This change of approach, this invasion from within, means that the old dichotomies have been overcome and overturned. No more is heaven incompatible with earth, the spiritual incompatible with the physical, God incompatible with Man. In Christ, divinity and humanity dwell as one, and matter has become potentially spirit-bearing. That is the point of the Church’s sacraments. They are physical, and work-a-day and common; they are also Spirit-bearing.
All the sacraments are drawn from our daily existence. Daily and common things like baths, meals of bread and wine, and oil (used as a daily cosmetic—it was only when one fasted that one refrained from daily anointing one’s head—see Mt. 6:17) became the “stuff” of sacraments. In a kind of incarnational extension, these common daily items and activities became the God-ordained means of accessing spiritual power. To receive the new birth, now one took a bath (i.e. received baptismal immersion). To receive spiritual strength and life, one had a meal of bread and wine in the Eucharist. To receive the Holy Spirit and healing, one was anointed with oil. The Church’s life was scandalously secular, in that it used these secular parts of life to a new spiritual purpose. Because of the incarnation, matter was now sanctified, and the physical world saved. Invasion and help and salvation had come—not from the outside, but the inside. God did not appear again on a fiery mountain and speak with the voice of thunder. He appeared as a baby, as one of us, and spoke with a baby’s cry. This is the true scandal and miracle of Christmas.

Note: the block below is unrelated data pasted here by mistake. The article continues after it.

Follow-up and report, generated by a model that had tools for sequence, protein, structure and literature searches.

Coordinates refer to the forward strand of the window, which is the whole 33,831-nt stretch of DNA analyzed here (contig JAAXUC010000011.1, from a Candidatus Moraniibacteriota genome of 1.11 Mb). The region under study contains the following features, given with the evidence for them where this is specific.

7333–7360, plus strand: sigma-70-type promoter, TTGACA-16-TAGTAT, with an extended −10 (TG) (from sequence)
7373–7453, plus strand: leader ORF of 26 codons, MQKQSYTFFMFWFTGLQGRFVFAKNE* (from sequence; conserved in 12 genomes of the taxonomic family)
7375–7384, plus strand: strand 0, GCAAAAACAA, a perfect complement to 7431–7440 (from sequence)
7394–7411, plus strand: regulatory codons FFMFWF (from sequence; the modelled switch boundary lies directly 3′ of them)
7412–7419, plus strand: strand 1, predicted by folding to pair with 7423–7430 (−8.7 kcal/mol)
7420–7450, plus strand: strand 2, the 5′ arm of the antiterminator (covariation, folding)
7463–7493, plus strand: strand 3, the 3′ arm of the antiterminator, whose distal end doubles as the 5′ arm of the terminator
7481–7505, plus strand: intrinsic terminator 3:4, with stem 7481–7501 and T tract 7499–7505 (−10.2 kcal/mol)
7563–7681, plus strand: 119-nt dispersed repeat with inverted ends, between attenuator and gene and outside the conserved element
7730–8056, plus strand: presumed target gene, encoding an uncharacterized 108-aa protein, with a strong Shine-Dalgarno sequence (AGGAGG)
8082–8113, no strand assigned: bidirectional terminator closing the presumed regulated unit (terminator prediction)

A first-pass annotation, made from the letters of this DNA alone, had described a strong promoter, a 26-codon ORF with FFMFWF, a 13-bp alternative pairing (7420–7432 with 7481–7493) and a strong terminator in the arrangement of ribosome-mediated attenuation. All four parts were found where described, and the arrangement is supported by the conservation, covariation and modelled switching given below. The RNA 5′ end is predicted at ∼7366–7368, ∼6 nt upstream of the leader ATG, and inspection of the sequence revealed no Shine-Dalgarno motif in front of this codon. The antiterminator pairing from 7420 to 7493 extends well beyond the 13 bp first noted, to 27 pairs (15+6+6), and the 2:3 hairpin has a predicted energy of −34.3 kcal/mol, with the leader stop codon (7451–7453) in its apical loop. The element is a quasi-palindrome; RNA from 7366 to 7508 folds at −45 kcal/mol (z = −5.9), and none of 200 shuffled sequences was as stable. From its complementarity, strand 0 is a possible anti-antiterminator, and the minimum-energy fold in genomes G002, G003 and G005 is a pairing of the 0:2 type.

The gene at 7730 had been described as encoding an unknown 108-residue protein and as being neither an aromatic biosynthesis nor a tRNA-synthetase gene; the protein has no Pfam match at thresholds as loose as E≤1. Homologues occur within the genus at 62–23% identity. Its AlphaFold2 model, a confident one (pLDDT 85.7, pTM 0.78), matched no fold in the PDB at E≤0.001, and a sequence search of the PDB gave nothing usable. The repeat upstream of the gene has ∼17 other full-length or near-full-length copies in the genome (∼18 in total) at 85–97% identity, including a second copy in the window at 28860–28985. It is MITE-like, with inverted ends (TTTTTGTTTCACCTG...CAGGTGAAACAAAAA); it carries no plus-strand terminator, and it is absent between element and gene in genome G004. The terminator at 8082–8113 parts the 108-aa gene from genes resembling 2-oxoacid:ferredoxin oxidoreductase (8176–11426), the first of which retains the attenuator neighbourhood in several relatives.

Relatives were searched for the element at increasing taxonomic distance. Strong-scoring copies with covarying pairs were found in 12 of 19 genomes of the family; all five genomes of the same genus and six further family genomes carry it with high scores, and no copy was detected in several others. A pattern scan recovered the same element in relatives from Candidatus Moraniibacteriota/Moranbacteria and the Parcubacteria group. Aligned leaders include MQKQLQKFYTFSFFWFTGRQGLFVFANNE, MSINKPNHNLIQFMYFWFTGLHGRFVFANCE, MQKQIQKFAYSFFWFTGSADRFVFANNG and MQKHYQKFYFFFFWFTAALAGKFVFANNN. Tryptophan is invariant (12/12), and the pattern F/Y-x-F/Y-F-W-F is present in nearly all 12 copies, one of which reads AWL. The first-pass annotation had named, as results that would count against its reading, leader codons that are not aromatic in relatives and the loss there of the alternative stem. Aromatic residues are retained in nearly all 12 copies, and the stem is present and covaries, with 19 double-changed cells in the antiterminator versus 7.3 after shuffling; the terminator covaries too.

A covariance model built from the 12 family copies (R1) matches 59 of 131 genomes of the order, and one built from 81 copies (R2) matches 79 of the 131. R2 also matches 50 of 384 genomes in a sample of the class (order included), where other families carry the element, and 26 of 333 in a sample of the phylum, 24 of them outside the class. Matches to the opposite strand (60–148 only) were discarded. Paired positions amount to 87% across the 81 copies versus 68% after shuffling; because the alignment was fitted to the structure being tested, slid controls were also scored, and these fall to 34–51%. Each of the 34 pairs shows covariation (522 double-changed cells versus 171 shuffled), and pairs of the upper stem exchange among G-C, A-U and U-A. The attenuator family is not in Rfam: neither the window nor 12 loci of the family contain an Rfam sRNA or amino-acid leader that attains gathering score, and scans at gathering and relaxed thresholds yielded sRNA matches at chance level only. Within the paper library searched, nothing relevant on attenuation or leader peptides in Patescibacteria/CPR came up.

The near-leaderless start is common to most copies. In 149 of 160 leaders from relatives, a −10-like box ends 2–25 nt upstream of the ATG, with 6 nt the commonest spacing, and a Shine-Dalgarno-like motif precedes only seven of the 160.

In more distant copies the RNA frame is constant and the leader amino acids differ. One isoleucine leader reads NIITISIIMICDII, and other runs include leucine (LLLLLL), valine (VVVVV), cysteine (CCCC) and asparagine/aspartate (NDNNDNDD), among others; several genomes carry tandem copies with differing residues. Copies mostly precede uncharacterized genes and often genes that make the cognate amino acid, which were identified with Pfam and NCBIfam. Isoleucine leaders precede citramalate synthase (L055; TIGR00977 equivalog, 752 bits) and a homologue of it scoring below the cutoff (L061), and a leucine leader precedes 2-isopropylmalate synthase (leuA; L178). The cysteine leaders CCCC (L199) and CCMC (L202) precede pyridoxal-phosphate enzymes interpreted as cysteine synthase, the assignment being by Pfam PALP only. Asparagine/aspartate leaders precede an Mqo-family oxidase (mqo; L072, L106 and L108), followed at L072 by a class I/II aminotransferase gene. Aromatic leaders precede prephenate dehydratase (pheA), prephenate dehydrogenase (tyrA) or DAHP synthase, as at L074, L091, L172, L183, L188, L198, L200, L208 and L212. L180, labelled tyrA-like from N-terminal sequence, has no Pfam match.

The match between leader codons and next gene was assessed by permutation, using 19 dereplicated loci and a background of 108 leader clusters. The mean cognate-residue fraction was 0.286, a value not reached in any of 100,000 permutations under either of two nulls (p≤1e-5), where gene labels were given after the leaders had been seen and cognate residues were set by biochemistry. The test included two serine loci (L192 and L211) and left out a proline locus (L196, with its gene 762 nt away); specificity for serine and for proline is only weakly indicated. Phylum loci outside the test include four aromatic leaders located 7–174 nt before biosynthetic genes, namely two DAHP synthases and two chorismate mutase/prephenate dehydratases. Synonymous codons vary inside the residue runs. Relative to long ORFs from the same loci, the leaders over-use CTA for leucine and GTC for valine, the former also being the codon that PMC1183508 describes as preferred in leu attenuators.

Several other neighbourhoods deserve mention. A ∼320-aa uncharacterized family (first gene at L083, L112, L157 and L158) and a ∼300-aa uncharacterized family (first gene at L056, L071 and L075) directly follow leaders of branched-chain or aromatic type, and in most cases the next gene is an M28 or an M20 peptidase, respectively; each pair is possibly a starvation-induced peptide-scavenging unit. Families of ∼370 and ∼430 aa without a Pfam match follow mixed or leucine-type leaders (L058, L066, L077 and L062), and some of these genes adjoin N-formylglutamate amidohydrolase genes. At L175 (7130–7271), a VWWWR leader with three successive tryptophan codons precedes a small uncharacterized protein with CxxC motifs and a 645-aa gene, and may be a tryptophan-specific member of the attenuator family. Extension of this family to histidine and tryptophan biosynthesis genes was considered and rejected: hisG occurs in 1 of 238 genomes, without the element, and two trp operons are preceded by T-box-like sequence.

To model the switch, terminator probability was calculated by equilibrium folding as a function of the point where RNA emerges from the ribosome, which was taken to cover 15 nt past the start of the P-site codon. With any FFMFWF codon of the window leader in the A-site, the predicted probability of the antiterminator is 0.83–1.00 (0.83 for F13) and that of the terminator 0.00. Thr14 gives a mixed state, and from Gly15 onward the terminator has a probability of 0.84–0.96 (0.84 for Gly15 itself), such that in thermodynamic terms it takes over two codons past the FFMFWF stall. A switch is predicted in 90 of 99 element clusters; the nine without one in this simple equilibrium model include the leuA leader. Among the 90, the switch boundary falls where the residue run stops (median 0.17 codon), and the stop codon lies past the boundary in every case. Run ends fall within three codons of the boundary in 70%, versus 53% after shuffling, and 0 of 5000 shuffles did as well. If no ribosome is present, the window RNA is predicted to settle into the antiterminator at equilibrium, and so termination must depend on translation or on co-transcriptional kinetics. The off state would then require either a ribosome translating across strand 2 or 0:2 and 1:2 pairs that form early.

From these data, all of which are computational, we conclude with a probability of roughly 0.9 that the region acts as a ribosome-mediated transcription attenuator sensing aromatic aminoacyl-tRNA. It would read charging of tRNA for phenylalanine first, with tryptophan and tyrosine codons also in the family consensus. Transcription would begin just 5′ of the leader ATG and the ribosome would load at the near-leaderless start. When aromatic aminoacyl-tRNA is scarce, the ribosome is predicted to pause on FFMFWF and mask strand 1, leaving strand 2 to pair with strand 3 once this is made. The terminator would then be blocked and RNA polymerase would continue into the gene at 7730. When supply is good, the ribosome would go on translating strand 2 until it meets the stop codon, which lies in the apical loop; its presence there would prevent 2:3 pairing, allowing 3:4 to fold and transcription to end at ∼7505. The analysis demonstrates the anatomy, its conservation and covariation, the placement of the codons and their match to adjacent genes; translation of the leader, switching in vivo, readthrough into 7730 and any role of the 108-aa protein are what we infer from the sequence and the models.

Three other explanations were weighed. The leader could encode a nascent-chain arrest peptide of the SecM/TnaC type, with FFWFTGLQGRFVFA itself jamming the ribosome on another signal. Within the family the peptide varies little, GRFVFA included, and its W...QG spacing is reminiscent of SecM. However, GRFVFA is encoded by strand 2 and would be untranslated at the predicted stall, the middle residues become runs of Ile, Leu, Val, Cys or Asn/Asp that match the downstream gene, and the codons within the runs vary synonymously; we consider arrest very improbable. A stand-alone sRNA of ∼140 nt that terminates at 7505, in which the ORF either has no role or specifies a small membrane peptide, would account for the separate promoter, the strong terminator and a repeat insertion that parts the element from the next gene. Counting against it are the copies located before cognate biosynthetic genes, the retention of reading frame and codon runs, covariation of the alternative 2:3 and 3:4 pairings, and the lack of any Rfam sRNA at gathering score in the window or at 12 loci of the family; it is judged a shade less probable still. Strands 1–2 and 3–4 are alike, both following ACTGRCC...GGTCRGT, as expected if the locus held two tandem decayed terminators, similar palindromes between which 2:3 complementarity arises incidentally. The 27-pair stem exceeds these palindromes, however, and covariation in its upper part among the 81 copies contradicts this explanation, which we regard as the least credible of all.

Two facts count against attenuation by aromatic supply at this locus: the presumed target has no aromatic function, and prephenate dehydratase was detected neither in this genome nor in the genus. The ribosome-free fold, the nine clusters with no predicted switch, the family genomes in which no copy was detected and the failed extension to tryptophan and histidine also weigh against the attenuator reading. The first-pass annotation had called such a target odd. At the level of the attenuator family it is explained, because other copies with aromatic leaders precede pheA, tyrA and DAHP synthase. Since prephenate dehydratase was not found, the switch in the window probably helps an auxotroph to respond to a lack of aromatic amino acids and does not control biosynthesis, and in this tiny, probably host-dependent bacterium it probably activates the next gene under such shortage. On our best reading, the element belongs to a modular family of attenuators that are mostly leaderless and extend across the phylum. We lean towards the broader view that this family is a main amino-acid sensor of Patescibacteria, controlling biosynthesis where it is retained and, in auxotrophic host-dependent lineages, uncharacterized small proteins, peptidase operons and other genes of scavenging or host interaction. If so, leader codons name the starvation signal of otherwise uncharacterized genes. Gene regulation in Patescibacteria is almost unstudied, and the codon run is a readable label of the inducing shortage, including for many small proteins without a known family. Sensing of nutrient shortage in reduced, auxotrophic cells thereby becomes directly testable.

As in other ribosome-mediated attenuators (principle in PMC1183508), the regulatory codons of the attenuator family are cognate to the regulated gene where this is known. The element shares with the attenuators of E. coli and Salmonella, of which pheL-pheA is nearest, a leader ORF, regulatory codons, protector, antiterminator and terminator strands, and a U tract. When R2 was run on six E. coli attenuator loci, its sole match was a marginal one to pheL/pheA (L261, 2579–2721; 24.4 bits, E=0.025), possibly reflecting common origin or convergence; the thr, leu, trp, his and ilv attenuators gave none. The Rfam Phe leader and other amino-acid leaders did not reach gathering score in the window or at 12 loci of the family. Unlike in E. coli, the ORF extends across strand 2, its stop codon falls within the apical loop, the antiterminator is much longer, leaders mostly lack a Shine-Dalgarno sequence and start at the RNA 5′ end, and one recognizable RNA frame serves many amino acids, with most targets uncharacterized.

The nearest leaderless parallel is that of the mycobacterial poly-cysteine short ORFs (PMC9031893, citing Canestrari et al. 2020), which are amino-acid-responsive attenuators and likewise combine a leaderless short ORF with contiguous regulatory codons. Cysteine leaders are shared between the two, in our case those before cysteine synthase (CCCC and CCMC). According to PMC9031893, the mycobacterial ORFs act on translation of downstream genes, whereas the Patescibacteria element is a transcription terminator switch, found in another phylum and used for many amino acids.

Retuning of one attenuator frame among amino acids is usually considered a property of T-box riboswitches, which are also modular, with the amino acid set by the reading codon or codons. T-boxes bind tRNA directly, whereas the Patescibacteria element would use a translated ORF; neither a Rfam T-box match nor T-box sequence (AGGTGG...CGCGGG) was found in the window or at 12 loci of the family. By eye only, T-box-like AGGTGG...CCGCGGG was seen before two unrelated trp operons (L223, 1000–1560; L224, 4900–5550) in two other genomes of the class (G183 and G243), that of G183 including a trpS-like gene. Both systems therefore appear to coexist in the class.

Admittedly, such a change of modus operandi was of course hard to keep up with. Many in Israel could not keep up, and so rejected Christ’s claim to divinity, and sank into hardness of heart. Keeping up with the God of the unexpected requires spiritual flexibility. Or, to use the Biblical term, humility. Christmas challenges us to be willing lay aside our expectations, our prejudices, our demands. We come as poor boys and girls to God, who has Himself become a poor boy for us in a manger. By coming to Him in humility, (the same way He came to us), we allow His spiritual invasion of the world to reach and heal our hearts also. Christ is born! The saving invasion has begun.

2 comments:

  1. 'Twas in the moon of wintertime when all the birds have fled, That mighty Gitchi Manitou sent angel choirs instead; Before their light the stars grew dim and wondering hunters heard the hymn: Jesus your King is born, Jesus is born,in excelsis gloria

    O children of the forest free, O seed of Manitou, The holy Child of earth and heaven is born today for you. Come kneel before the radiant boy who brings you beauty, peace and joy. Jesus your King is born, Jesus is born, in excelsis gloria. (from The Huron Carol)

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  2. Thanks for this. I have always loved the Huron Carol. I remember that my old Anglican hymn book included the marginal reading of "mighty Lord of all the world" as an alternate to "mighty Gitchi Manitou" for those who were uncomfortable with the original. (I thought the original was just fine, and a worthy attempt to transpose the Gospel story into another culture.)